The following article is based on my own interpretation of the said events. Any material borrowed from published and unpublished sources has been appropriately referenced. I will bear the sole responsibility for anything that is found to have been copied or misappropriated or misrepresented in the following post.
Sai Prasanth C, MBA 2015-17, Vinod Gupta School of Management, IIT Kharagpur
Magic Leap, the Google-backed company that has big ideas for virtual and augmented reality, has revealed a new video today. Magic Leap, not to be confused with the ones who make Leap Motion, has unveiled a video of footage from the eyes of their new device. While there’s no word on what the device is called or when we can expect it, what we do see is pretty freaking cool.
The video titled “A New Morning” shows a computing environment augmented onto the real world. You’re right in thinking this is similar to what we’ve seen from Microsoft in the past with videos for Hololens. Both Microsoft’s headset and Magic Leap’s unnamed device make use of augmented reality to put virtual objects onto the actual world. Along with making you feel like Tony Stark or a character in Minority Report, AR has some uses that traditional desktops struggle with. Seeing an object in front of you on the table aids in helping you decide to purchase the item when online shopping or helping with troubleshooting a real world item. But the early nature of the unnamed Magic Leap gadget also inspires comparisons to early videos we saw from Google with a different project: Google Glass. When the idea was first teased, a day in the life with Glass video pitted the search company’s interface on top of the real world–allowing users to view Maps, see prices when real-world shopping and see detailed weather when looking out the window. The difference here is that Magic Leap’s video is actual footage from the device, not a concept video mockup, according to Magic Leap at least.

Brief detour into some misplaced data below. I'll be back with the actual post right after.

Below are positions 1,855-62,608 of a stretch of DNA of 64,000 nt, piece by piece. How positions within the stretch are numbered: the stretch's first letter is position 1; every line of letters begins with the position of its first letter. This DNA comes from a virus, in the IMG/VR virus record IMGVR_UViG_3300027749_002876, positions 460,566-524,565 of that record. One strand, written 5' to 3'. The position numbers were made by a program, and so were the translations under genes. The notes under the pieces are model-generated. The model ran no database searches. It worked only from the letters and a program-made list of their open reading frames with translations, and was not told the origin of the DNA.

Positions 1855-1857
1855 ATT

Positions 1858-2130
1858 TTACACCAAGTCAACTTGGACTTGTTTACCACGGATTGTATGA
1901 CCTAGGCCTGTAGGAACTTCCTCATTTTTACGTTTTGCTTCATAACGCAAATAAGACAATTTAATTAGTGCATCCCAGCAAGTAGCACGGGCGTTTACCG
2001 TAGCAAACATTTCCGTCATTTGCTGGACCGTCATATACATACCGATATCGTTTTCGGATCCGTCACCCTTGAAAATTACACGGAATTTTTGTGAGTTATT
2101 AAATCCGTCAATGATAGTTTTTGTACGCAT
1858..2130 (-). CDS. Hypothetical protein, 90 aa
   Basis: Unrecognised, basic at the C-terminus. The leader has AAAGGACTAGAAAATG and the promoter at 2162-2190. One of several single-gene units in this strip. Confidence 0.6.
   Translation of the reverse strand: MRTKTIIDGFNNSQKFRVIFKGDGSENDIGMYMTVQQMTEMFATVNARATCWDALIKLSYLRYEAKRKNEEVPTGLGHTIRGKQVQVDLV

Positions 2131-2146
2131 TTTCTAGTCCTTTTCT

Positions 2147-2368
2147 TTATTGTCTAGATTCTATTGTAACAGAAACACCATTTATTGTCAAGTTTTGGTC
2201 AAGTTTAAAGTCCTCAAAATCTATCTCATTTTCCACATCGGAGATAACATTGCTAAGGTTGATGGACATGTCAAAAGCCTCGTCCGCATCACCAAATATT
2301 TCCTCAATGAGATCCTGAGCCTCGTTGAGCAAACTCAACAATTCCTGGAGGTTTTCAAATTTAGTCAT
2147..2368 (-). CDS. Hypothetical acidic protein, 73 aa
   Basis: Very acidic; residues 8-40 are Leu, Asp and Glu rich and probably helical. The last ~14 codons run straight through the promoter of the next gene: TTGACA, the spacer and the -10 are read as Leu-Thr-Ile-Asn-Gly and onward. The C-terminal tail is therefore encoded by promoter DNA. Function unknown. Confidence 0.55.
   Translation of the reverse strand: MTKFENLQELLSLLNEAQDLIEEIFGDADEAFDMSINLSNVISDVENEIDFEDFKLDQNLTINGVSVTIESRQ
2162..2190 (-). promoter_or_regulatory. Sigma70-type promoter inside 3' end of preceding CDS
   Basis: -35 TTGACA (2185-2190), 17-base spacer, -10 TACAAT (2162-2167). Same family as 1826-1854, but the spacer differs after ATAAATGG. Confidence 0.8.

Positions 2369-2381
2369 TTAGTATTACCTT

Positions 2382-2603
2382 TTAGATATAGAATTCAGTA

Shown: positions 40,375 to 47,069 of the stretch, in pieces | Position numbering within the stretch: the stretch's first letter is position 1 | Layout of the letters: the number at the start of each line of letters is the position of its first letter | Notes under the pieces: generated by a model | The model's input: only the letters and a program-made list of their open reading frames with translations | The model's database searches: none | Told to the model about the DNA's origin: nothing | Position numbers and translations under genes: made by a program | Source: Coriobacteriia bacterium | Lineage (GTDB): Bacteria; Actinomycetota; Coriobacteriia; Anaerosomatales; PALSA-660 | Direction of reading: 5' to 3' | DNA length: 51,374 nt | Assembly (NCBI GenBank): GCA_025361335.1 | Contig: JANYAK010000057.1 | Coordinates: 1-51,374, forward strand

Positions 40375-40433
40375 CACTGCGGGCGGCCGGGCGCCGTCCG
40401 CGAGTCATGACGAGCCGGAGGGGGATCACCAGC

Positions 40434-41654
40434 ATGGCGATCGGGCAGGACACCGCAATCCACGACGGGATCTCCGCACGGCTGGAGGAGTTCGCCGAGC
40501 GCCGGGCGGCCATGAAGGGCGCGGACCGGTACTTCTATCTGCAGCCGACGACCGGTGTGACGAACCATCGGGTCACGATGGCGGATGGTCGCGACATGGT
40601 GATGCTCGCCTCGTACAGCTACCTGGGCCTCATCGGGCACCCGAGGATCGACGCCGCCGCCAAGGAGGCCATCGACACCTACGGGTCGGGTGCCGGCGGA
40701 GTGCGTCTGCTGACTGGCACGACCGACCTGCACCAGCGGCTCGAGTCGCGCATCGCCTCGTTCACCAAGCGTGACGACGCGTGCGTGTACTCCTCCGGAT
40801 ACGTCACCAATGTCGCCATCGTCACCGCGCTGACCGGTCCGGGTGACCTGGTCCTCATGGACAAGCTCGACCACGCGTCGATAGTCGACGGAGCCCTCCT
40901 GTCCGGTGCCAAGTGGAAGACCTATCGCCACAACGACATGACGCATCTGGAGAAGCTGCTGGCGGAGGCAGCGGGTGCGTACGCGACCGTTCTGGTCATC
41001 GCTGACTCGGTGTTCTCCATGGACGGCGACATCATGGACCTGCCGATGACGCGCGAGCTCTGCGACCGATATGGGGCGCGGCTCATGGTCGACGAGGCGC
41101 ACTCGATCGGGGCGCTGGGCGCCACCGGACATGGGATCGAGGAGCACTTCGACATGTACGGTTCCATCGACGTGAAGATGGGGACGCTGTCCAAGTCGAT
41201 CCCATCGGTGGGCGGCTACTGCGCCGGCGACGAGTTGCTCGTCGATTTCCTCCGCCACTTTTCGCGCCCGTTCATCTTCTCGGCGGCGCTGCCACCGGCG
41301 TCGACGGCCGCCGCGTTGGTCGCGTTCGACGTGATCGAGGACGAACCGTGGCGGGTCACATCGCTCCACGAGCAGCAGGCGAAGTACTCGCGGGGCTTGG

Magic Leap has yet to confirm a release date for their HoloLens-like, augmented reality device. But with actual footage of the device’s interface in the wild, the AR computer developers’ concept may become reality.